• NEBOSH & Assessments

    A Marker’s Perspective

    A marker’s view of NEBOSH GC3 To maximise your marks, check this list of Do’s and Don’ts. Observation sheets – Worth 30 marks. Do’s Don’ts Observe 25 – 30 hazards and write them down giving some explanation of the hazard. To maximise your marks find 30 hazards Don’t make these up, write down the hazards you see. A common mistake is to only give 15 – 20 hazards. Don’t include mention of legal breaches in the observation sheets. Ensure every hazard has a consequence that is properly explained – explain the consequence usually in terms of an injury or ill health. For the consequence don’t just say fire risk or…

  • Diploma,  News

    NEBOSH Diploma Syllabus Revision News #7

    In our voyage of unbridled discovery, we continue to element A8.  As with the previous incarnation of the syllabus, this element is basically an extension of the previous element.  The topic of leadership is revisited in the context of human motivation theories. Human motivation theories are like the leadership theories – everyone has their own pet theory and there’s a germ of truth in most of them.  But they never really tell the whole story because of the complexity that is mankind’s psyche. Vroom’s ideas are brought up again. It’s a so-called “expectancy theory” of motivation from the 1960s.  It’s called “expectancy” because people are motivated to behave in a…

  • Status holding scales to symbolise law
    Health & Safety

    BoSD Vs Negligence

    In the UK, as in many jurisdictions, there exists the Civil Law concept of individuals seeking compensation for injuries caused (at least partly) by others. In terms of health and safety at work, the typical scenario is when an employee is injured due to work activity controlled by the employer. There are several types of legal action for compensation open to the injured employee. They will usually at least pursue an action for Negligence. However, if the injury was in some way connected with a breach of a statutory duty (i.e. imposed by legislation) by the employer, then a second avenue may be possible. This, as you might have guessed, goes…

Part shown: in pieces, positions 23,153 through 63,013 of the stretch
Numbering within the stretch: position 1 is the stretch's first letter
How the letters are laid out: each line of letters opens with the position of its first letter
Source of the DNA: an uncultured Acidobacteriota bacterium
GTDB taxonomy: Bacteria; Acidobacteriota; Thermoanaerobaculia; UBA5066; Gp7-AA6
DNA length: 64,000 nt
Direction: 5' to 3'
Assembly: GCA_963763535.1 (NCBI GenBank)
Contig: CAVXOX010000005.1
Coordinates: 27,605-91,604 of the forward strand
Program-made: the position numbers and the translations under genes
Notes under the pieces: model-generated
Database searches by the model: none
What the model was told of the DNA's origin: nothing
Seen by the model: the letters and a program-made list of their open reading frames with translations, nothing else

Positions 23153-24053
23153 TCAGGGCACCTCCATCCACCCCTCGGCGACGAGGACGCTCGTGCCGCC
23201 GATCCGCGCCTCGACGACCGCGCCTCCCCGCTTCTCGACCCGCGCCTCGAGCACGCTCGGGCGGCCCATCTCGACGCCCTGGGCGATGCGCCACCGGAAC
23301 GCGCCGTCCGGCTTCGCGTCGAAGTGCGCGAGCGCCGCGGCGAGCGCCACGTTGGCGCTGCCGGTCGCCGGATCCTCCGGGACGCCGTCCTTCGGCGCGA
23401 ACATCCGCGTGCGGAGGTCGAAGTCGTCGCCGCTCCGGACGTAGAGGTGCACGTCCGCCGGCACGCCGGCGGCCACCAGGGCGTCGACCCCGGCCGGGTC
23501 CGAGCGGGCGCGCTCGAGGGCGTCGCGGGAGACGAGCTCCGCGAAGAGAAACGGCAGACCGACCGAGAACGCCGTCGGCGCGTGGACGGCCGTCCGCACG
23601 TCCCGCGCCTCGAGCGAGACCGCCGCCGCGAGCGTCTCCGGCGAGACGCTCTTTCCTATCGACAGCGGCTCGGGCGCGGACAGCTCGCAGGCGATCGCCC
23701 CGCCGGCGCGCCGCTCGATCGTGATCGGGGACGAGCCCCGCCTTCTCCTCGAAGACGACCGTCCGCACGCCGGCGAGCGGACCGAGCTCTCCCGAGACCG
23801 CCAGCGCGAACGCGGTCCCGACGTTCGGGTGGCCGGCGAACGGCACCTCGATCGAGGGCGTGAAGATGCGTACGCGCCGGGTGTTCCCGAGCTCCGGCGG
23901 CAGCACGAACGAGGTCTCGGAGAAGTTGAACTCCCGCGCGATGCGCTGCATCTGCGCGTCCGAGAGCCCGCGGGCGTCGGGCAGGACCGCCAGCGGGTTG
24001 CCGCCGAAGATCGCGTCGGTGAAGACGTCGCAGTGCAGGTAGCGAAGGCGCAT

• Status holding scales to symbolise law
    Health & Safety

    ACOP’s Update

    In line with the Lofstedt review, HSE are considering chopping or modifying a whole load of approved codes of practice (ACOPs). ACOPs hold a special place in UK Law. In short, they both explain what the law intended to say and also translate complicated legal speak into tangible examples of what it would look like in practice. This is supposed to give confidence to employers that they are doing enough. But, ACoPs can be used in evidence in criminal cases. As a result, they are not flights of fancy into what they might like to see but rather somewhat clipped pronouncements. HSE is striving to be more and more realistic…

  • Health & Safety

    Playing to the Gallery?

    Playing to the Gallery? Is it me, or are the radical reforms to health and safety proving to be all smoke and mirrors? Way back in June 2010, when the coalition was newly formed, David Cameron appointed Lord Young of Graffham to conduct a review of health and safety law and practice. The Young report was published later that year. It was wide-ranging, though whether it was fully comprehensive and evidence-based is a matter of opinion. Lord Young was very clear in focusing his attention on the issue of the compensation culture, stating that fear of litigation (and the associated costs) was a major driver in many risk-averse decisions taken…

  • Sun set, orange & yellow
    Health & Safety

    Sunbeds Regulation Act 2010

    It may have escaped your notice but the UK has a law about Sunbeds – the Sunbeds (Regulation) Act 2010. I know laying in the Sun is a complete mystery for half the world (the half that actually has Sunny days) but to the other half, it’s perfectly understandable. I will let you guess which half the of the world the UK resides. It turns out that a little bit of sun is quite good for you but too much Sun is harmful (that’s probably why we say ‘too much’). Now we all know that launching yourself at the Sun is probably harmful – I mean, it’s rather hot for…